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Duff Street, Edinburgh

Solar PV feasibility study for homes in the City of Edinburgh


This study identifies the feasibility of installing photovoltaic (PV) panels on the roofs of two apartment buildings in Duff Street, to generate electricity for the communal building needs.

The two buildings on Duff Street have a total of 26 flats. They were built in 1993, and are part of a cluster of similar buildings, with parking and grass areas in the middle. The roofs have a metal profiled sheet finish on insulation batts and timber deck, supported by mono-pitch timber trusses.

The average annual electricity consumption in the common areas of building one was 3,900kWh and in building two was 2,100kWh.


The Scottish Energy Centre, part of the Institute for Sustainable Construction at Edinburgh Napier University were selected by CIC Start Online on behalf of Malcolm Homes Ltd to conduct the feasibility study for the installation of PV panels at their properties in Edinburgh. The Duff Street buildings were selected due to their optimum roof shape and orientation. Both technical and economic feasibility have been considered. The approach taken in the study was as follows:

  • Discuss and evaluate the technical constraints of the building and site, and demonstrate best practice in terms of location, orientation and azimuth – in the Northern hemisphere, PV panels should ideally face between south-east and south-west, in Scotland the most efficient tilt angle is ±2° of 40°. Panels should also be located so that they are not shaded throughout the day.
  • Discuss and identify potential constraints of the energy suppliers requirements – as the UK electricity network has traditionally had centralised generators, distributing energy to domestic and commercial customers.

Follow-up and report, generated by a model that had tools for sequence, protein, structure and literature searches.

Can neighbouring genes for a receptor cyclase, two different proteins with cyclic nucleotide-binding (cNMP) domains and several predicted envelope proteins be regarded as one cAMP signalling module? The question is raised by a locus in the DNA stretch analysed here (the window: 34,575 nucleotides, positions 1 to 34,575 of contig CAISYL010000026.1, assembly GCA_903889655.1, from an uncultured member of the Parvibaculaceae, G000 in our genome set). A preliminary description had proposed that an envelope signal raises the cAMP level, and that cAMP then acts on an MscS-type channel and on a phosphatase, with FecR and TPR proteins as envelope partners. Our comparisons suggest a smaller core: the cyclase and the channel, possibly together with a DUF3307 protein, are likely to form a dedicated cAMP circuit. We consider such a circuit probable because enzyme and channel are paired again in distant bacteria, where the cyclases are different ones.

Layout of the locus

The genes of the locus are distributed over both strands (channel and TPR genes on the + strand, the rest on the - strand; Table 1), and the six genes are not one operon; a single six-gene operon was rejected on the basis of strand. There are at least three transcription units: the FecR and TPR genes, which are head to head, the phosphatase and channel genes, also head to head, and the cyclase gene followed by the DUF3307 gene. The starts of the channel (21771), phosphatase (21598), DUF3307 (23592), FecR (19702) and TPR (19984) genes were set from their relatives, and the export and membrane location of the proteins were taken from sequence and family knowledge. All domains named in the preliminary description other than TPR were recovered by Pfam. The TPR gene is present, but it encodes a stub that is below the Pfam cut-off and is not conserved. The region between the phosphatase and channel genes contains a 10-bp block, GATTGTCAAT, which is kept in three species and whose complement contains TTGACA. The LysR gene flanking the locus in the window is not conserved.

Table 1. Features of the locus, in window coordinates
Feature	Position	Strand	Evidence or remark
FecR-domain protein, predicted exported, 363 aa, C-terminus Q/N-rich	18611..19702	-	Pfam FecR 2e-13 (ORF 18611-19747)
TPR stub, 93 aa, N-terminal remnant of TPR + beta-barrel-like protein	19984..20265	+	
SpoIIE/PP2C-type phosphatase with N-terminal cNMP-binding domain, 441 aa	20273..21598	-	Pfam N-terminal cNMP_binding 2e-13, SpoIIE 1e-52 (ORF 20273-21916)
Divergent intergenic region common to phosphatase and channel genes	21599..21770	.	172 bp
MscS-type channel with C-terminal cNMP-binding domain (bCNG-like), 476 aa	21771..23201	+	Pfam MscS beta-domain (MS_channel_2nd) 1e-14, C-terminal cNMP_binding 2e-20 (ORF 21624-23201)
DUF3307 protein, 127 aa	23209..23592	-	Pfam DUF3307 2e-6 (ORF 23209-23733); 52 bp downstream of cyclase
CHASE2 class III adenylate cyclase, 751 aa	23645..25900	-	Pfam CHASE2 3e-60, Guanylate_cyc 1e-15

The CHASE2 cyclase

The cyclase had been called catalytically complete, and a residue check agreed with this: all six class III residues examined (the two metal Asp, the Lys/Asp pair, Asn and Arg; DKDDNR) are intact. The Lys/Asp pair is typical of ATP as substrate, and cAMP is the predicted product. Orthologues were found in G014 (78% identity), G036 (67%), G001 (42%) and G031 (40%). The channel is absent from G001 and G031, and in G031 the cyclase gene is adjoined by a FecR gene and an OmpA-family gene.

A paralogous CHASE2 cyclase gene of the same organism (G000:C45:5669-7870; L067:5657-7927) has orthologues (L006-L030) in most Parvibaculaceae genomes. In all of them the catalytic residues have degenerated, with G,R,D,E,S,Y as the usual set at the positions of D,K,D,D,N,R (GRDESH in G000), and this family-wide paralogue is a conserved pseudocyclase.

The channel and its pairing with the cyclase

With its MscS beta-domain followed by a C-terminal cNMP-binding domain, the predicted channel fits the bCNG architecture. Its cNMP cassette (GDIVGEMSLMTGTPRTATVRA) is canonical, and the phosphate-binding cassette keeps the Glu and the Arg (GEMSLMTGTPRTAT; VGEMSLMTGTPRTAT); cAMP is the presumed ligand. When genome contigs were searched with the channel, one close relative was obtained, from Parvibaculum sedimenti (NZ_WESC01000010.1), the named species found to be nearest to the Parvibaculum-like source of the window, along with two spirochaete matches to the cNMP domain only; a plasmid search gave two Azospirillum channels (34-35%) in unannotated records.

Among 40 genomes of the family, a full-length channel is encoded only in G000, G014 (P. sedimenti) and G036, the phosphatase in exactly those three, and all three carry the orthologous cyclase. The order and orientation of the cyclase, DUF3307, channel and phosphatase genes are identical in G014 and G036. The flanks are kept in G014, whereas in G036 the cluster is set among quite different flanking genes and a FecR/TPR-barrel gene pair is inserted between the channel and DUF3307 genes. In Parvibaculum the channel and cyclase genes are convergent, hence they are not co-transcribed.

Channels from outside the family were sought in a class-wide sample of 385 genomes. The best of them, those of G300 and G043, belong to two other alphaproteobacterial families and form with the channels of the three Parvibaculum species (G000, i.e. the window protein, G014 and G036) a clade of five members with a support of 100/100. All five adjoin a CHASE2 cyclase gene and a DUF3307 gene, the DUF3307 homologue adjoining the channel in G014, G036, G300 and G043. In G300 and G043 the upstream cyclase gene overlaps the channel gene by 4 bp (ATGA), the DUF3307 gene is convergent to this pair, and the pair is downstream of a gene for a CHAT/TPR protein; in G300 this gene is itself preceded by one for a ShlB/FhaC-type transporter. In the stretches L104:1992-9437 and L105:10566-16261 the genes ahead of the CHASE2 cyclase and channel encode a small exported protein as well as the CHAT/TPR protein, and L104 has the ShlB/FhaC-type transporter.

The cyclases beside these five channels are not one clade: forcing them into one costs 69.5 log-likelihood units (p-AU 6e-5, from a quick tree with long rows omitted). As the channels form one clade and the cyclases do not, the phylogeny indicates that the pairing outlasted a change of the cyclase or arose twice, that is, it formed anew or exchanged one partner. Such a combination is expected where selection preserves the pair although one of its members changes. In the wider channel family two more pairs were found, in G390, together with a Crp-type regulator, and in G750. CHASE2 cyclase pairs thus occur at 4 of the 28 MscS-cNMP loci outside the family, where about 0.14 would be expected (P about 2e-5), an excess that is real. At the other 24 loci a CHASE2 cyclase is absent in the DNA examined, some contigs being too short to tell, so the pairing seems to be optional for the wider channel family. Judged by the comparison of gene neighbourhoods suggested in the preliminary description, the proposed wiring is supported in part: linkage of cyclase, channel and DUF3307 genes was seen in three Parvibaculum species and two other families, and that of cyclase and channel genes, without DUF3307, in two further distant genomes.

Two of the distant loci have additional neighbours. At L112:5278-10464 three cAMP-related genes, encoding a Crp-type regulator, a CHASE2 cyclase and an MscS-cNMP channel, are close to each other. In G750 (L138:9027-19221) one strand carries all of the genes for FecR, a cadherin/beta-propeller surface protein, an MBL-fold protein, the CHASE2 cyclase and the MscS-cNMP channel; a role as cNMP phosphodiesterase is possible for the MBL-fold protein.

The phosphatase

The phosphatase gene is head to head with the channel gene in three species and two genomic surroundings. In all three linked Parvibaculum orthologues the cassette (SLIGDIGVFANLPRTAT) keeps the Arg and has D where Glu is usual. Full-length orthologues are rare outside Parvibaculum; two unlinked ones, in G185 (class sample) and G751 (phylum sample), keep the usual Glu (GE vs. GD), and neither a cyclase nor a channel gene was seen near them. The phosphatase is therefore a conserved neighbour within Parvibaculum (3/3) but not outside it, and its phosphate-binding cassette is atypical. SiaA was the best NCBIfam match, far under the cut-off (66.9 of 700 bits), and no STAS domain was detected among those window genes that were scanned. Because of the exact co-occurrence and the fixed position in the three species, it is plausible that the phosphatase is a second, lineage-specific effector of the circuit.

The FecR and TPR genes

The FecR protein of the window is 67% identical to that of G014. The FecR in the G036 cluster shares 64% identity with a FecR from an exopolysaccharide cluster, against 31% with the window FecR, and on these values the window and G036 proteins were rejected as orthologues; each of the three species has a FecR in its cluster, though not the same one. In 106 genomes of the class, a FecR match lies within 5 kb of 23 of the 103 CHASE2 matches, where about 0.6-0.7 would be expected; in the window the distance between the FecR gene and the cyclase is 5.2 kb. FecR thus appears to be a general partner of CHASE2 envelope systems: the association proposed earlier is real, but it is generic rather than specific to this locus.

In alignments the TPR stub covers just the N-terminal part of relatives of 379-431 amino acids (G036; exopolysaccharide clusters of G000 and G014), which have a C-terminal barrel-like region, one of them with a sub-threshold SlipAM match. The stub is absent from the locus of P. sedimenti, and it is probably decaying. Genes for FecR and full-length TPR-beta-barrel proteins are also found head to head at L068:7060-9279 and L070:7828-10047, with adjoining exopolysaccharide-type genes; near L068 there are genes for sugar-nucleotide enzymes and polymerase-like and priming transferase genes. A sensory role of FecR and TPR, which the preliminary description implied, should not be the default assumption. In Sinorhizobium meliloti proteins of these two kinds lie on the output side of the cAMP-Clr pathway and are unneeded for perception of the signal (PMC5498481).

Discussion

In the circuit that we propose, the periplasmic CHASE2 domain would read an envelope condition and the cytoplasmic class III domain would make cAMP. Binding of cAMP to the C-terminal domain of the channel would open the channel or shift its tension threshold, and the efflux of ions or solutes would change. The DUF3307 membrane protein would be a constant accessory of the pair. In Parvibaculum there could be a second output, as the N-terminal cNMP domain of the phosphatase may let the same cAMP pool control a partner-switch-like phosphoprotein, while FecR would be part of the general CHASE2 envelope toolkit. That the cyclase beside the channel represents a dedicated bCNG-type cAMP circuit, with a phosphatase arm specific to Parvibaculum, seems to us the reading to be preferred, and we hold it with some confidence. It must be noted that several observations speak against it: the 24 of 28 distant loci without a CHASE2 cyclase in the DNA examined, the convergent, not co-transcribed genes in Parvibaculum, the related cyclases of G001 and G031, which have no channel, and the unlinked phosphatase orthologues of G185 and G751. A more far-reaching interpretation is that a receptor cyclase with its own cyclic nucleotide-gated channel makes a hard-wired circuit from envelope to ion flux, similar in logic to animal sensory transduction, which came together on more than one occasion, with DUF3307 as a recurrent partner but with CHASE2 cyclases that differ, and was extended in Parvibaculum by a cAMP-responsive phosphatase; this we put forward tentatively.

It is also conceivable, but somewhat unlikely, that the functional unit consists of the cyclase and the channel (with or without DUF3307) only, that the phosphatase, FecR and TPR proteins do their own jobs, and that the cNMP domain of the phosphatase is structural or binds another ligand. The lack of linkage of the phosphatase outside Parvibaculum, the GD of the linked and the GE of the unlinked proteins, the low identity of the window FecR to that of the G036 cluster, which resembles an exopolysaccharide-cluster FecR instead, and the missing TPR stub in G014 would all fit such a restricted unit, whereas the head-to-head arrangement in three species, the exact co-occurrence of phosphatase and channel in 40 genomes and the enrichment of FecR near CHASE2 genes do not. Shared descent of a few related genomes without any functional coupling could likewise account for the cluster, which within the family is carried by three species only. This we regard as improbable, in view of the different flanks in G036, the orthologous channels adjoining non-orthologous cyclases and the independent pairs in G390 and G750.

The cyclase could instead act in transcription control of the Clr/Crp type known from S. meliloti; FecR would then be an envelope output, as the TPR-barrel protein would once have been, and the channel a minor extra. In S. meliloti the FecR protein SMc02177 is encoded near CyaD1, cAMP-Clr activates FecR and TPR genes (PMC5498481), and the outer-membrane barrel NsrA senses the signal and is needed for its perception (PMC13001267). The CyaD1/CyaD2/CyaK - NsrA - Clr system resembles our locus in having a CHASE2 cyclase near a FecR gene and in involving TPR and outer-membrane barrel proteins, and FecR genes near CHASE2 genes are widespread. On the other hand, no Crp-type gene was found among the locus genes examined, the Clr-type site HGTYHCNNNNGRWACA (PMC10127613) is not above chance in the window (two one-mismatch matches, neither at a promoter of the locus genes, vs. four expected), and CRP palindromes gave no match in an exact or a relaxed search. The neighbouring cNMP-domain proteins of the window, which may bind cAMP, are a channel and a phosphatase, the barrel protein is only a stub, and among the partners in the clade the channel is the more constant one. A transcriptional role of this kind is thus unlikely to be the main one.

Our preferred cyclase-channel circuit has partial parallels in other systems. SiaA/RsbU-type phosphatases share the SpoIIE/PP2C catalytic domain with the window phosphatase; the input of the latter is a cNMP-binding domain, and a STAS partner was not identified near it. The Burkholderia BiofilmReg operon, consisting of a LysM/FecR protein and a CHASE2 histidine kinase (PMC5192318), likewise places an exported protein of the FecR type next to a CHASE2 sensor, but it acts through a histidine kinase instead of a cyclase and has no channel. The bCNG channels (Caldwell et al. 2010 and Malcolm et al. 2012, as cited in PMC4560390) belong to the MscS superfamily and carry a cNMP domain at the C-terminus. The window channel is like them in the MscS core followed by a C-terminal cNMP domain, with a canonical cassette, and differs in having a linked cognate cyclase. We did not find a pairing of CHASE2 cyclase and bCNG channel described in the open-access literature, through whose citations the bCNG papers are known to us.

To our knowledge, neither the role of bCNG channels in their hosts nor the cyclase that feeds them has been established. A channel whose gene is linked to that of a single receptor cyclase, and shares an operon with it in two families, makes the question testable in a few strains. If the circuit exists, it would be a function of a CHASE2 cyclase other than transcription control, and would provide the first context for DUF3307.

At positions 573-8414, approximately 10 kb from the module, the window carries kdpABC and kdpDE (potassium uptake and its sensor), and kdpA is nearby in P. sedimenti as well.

• Identify the FIT (feed in tariff) benefits that may be gained – FIT are dependent on installation size (kWp) and rates are set by OFGEM for generation and export.
  • Identify the economic payback of equipment – based on capital cost, maintenance requirements, energy produced and FIT available
  • Explore the rent a roof scheme – where roof space is leased to allow a PV installation, where the householder gains the electricity produced and the installer the FIT (full details on page 27 of the case study).  


A design tool, PVSyst, was used to establish the economic and technical feasibility of PV installations. The tool needs the following information to obtain accurate results:

  • Tilt of pitched roof
  • Orientation of roof
  • The amount of output power required
  • The type of PV panels to be used


Other considerations include potential shading of the PV panels, FIT restraints and possible issues with grid connections.

A full explanation of how solar PV panels work is included on page 7 of the pdf download (see right).


The two building are orientated -20° (southeast) but the roofs have low pitch at 10°. It is recommended therefore to increase the pitch with racks to an optimum 30°.

Building one has a useable roof area of 70m2, while building two has a useable roof area of 140m2. There are no issues with potential shading of PV panels.

The options examined for the roofs at Duff Street are shown in the table below.


Option 1

Option 2

Option 3

Solar Panel Technology








Number of Modules




Power (wp) per Module




Total Power (kW)




Number of Invertors









3 x 14

3 x 17

3 x 17

Produced Energy (kWh/yr)




Specific Production (kWh/kWp/yr)





Option 3 was selected as the most suitable option as it provided a greater output and also incurred lower capital costs. The total energy produced by the PV system (7,600kWh) would provide in excess of that required for the communal building needs (approx. 6,000kWh) meaning that around 20% of the energy produced could be sold back to the grid.

The capital cost of the system is around £30,000, which would be paid back within eight years, when considering the cost of maintenance, the savings on energy and the income from FIT. Additionally, exporting around 20% of the energy produced to the grid could generate around £50 per year initially, rising to £150 per year.

Before considering a renewable energy installation, it is imperative that the building is energy efficient, either through recent construction to current building standards or retrofit of an older building to meet these same performance levels. Otherwise, poor energy performance will counteract the effectiveness of the renewable technologies. It was understood before the feasibility study that the Duff Street buildings met these requirements. 

A structural analysis should also be undertaken before installing PV panels to ensure that the roof can withstand the additional loads.

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